So, Duncan should start by saying he is sorry for imposing collective punishment on teachers in schools destined for turnaround. His demand that 50% of teachers be replaced in those schools, along with his incentives for using a statistical model for firing teachers, means that effective educators have lost their careers simply because they taught in ineffective schools. His mass dismissals perpetuate the “reformers'” myth that teachers’ “low expectations” are the cause of dysfunctional schools. Under Duncan’s rules, districts did not have to impose litmus tests on teachers or to systematically drive veteran educators out of the profession. But he funded districts that, predictably, used federal rules to get rid of Baby Boomers’ higher salaries and benefits, and to keep veteran teachers from expressing their professional judgments.

    For instance, two of the three teachers who spoke their minds to Duncan explained that teaching in the inner city is different, meaning that they need more training and supports. A New Haven teacher told Duncan that “teachers who are not familiar with urban education are ‘not ready’ for an environment like New Haven.” Those sorts of judgments are heresy to many school and district leaders, however. Under SIG, expressing such opinions can be grounds for dismissal for being a “culture killer.” Under SIG, administrators are empowered to impose their own culture on schools by getting rid of teachers who believe what The Turnaround Challenge concluded — that instruction-driven reforms, even those fueled by “high expectations,” are inherently incapable of turning around the toughest schools and that schooling must be a team effort.

    Duncan should also apologize for his heavy-handed micromanaging of local policy. He created incentives for spending much (or most?) SIG and RttT money on computer systems, tests, and consultants. He has said nice things about full-service community schools and even provided a few meager grants that would fund the socio-emotional interventions and the early education that are required to overcome intense concentrations of poverty. At a time when those researched-based best practices are being cut, however, Duncan is lavishing funds on performance pay and the test-driven infrastructure that it requires. He again revealed where his heart is when a New Haven teacher said, “No one becomes a teacher to get rich.” Duncan replied, “we’re working on that.”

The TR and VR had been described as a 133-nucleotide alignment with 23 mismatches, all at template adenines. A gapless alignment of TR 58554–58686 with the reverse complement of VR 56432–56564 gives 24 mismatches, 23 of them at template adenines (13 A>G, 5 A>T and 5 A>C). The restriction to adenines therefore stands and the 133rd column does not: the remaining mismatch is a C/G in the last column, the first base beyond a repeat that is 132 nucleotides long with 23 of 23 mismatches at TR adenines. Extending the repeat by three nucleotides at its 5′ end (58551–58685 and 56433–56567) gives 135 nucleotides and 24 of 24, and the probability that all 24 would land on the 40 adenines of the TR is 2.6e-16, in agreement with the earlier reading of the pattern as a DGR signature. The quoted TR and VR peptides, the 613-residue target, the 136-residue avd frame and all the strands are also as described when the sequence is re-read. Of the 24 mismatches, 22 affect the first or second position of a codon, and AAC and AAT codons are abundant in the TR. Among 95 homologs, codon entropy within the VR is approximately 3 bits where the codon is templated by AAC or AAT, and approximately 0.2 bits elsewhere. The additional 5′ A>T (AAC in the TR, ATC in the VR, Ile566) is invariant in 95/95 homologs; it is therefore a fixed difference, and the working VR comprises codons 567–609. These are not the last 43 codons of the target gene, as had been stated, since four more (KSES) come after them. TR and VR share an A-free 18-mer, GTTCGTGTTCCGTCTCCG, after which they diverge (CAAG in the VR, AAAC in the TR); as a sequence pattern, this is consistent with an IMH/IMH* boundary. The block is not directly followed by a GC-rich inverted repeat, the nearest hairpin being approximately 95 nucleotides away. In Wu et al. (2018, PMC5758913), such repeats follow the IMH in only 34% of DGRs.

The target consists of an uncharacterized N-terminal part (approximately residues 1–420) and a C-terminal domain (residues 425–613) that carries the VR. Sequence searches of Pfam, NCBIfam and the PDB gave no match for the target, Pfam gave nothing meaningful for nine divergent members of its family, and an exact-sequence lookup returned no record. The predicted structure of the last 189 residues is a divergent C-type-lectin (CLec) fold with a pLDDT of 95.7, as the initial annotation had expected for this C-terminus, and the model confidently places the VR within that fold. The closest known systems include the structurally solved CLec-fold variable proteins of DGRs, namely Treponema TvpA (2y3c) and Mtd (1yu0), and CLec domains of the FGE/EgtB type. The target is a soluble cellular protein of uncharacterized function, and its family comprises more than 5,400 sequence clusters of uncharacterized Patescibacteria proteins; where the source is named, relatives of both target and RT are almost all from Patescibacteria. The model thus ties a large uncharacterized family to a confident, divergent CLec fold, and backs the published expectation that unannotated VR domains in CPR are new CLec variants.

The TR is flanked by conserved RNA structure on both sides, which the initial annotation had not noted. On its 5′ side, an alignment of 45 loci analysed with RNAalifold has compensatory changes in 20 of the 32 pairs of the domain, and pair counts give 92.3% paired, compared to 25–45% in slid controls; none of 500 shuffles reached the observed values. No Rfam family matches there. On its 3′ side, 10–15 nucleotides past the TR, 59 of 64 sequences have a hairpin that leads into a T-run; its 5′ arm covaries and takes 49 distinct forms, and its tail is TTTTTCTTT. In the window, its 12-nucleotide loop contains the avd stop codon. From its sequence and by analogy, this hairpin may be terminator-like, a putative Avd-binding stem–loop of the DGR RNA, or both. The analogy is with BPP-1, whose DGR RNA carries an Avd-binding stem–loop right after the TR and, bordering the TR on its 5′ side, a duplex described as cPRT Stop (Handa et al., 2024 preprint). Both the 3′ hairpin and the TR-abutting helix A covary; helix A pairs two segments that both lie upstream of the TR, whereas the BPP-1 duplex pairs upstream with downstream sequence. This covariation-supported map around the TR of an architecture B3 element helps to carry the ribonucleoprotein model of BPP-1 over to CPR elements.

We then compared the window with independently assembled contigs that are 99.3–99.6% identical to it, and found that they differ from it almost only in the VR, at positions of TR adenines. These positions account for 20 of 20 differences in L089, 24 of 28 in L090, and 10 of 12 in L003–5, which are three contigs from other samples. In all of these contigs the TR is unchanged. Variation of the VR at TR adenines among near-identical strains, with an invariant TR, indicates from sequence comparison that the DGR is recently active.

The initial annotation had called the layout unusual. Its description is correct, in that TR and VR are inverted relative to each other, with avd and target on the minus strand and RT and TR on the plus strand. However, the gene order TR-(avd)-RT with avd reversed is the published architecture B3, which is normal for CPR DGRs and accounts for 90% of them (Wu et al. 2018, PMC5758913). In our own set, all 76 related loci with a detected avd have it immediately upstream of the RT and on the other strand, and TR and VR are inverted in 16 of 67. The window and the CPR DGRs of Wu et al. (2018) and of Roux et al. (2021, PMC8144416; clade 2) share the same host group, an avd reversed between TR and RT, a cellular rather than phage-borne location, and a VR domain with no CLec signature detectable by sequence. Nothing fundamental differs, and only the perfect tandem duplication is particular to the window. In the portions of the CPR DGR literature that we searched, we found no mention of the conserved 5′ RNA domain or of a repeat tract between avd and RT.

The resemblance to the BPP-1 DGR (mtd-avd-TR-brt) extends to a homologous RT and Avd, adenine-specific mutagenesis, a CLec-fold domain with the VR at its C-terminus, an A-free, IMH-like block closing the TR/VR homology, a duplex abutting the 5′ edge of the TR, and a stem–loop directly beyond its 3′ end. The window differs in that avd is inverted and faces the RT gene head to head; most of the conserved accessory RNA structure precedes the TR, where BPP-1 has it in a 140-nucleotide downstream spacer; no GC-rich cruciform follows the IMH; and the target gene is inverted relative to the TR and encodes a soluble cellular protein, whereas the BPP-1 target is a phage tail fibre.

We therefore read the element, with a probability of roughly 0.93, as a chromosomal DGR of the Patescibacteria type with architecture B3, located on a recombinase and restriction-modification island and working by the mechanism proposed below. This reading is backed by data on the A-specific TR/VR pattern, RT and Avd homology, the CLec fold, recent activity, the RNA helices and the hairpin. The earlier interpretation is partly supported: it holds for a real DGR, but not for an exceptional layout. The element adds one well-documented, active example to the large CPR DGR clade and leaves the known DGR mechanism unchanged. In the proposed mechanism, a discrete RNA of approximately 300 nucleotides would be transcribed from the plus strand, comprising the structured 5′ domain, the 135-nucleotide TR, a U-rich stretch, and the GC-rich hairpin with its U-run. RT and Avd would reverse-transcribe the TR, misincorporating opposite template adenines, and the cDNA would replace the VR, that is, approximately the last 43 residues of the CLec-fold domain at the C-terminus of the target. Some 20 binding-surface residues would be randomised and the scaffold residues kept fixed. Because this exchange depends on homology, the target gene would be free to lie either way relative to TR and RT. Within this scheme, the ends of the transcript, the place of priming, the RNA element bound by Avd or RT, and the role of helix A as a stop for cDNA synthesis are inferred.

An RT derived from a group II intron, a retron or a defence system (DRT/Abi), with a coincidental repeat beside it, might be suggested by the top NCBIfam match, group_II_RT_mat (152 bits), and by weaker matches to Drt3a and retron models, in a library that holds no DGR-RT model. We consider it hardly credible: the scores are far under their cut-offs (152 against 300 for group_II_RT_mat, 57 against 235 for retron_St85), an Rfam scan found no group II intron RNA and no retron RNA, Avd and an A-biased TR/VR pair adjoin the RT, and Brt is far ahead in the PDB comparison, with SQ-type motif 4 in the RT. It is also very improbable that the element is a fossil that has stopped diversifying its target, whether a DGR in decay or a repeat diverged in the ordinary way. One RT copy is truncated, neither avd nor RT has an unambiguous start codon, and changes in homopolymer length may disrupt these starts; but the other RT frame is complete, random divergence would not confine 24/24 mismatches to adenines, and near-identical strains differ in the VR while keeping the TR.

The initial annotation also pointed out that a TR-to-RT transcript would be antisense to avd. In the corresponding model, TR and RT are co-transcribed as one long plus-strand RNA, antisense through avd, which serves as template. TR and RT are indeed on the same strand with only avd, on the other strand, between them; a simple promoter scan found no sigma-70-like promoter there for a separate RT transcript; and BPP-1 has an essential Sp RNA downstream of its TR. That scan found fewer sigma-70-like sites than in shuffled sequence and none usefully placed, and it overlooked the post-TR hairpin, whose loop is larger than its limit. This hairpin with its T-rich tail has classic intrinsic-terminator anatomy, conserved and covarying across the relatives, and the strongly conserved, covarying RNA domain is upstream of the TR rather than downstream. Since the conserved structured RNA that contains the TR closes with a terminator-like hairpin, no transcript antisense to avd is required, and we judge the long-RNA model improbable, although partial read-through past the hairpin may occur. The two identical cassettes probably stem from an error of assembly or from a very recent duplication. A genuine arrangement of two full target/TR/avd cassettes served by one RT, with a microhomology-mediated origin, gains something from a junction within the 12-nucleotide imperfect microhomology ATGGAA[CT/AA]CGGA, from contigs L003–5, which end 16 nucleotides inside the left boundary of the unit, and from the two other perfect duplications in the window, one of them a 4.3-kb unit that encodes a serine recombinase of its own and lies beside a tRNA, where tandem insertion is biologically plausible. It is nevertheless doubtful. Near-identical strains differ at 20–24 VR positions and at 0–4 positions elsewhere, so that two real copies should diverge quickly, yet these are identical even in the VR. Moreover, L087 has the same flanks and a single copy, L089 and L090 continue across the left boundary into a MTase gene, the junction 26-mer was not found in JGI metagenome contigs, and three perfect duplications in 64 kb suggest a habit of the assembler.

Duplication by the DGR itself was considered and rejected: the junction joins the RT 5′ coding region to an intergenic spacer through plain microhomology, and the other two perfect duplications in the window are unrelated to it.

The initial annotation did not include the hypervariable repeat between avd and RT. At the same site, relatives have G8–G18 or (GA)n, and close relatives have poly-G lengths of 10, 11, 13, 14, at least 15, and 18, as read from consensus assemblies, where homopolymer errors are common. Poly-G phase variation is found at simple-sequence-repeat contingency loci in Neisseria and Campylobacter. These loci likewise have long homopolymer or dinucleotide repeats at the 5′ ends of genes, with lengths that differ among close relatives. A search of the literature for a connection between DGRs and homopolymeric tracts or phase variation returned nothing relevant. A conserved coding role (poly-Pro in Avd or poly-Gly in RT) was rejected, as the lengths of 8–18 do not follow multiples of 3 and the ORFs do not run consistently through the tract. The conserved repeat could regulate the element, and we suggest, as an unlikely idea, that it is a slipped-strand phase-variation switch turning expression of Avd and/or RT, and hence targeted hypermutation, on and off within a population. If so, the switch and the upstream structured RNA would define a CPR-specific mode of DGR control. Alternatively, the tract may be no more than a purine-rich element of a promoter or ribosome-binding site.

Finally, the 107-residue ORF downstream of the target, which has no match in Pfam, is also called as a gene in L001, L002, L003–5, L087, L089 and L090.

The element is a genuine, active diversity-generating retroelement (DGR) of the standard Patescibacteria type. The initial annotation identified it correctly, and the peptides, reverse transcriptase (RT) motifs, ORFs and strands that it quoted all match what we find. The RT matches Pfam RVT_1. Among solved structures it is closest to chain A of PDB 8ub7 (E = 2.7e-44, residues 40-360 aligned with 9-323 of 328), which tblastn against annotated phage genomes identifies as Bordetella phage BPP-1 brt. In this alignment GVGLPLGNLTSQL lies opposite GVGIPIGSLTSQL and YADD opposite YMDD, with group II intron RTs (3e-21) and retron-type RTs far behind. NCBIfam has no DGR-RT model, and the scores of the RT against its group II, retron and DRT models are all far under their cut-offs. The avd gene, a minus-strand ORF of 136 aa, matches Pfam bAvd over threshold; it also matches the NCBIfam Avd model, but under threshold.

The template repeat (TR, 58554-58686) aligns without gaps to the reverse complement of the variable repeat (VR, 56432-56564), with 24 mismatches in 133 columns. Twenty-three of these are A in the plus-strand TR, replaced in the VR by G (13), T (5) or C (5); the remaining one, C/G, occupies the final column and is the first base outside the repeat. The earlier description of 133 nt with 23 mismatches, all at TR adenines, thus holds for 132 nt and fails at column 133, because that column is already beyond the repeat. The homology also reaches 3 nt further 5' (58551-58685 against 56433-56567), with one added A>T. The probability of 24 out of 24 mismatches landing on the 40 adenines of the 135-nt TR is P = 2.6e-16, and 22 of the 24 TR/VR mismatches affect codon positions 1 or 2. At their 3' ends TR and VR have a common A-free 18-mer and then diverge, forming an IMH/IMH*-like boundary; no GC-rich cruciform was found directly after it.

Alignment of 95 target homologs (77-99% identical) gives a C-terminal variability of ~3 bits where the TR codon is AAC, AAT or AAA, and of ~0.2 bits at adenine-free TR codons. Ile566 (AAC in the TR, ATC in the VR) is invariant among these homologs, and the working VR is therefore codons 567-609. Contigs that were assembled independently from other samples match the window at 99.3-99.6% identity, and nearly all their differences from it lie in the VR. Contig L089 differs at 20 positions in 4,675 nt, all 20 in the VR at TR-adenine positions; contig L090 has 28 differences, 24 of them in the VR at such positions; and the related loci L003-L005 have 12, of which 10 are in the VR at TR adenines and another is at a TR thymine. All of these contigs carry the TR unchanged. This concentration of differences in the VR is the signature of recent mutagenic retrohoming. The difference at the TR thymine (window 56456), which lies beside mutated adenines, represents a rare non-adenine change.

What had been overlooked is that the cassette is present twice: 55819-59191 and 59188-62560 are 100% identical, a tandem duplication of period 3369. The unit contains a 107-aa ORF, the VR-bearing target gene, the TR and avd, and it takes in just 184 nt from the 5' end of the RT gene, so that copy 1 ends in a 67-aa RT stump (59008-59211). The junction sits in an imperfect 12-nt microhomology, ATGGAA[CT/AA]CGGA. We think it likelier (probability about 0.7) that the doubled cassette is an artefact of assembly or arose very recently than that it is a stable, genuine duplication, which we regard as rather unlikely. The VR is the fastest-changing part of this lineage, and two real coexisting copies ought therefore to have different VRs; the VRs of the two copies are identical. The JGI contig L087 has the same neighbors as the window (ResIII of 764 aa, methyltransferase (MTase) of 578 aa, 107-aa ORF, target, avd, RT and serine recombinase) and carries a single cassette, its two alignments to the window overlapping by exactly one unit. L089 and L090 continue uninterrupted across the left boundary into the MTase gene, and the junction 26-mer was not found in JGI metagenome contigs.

Duncan asked, “where is the badge of honor” that would attract teachers to the toughest schools? The greatest reward for a teacher is the opportunity to teach effectively. We would feel honored, however, if our professional wisdom would be heeded before billions of dollars are spent (wasted?) on market-driven policies that were adopted simply because the “billionaires boys club” liked those types of policies. Had he respected the conclusions of inner city teachers and researchers at the Johns Hopkins Everyone Graduates Center, Duncan could have invested in the human capital necessary to provide mentors and other support staff necessary to make teaching a team sport. He could have invested in a farm club for nurturing talent for the toughest schools.

  32. About That Bipartisan Consensus to Privatize Public Education
    By Diane Ravitch
    November 18, 2012

    If ever evidence was needed about the bizarre mind meld between the Obama administration and the far-right of the Republican party, here it is.

    Secretary Arne Duncan is giving the keynote to Jeb Bush’s Excellence in Education summit in Washington, D.C. on November 28. Another keynote will be delivered to the same gathering of the leaders of the privatization movement by John Podesta of the Center for American Progress, who headed the Obama transition team in 2008. This is sickening.

    Jeb Bush’s organization supports vouchers, charters, online virtual charters, and for-profit organizations that run schools. It also supports evaluating teachers by student test scores and eliminating collective bargaining. Jeb Bush believes in grading schools, grading teachers, grading students, closing schools, and letting everyone “escape” from public schools to privately-run establishments. The free market is his ideal of excellence, not public responsibility, not the public school as the anchor of the community, but privatization.

  33. A Battle Between Education and Business Goals
    Pauline Lipman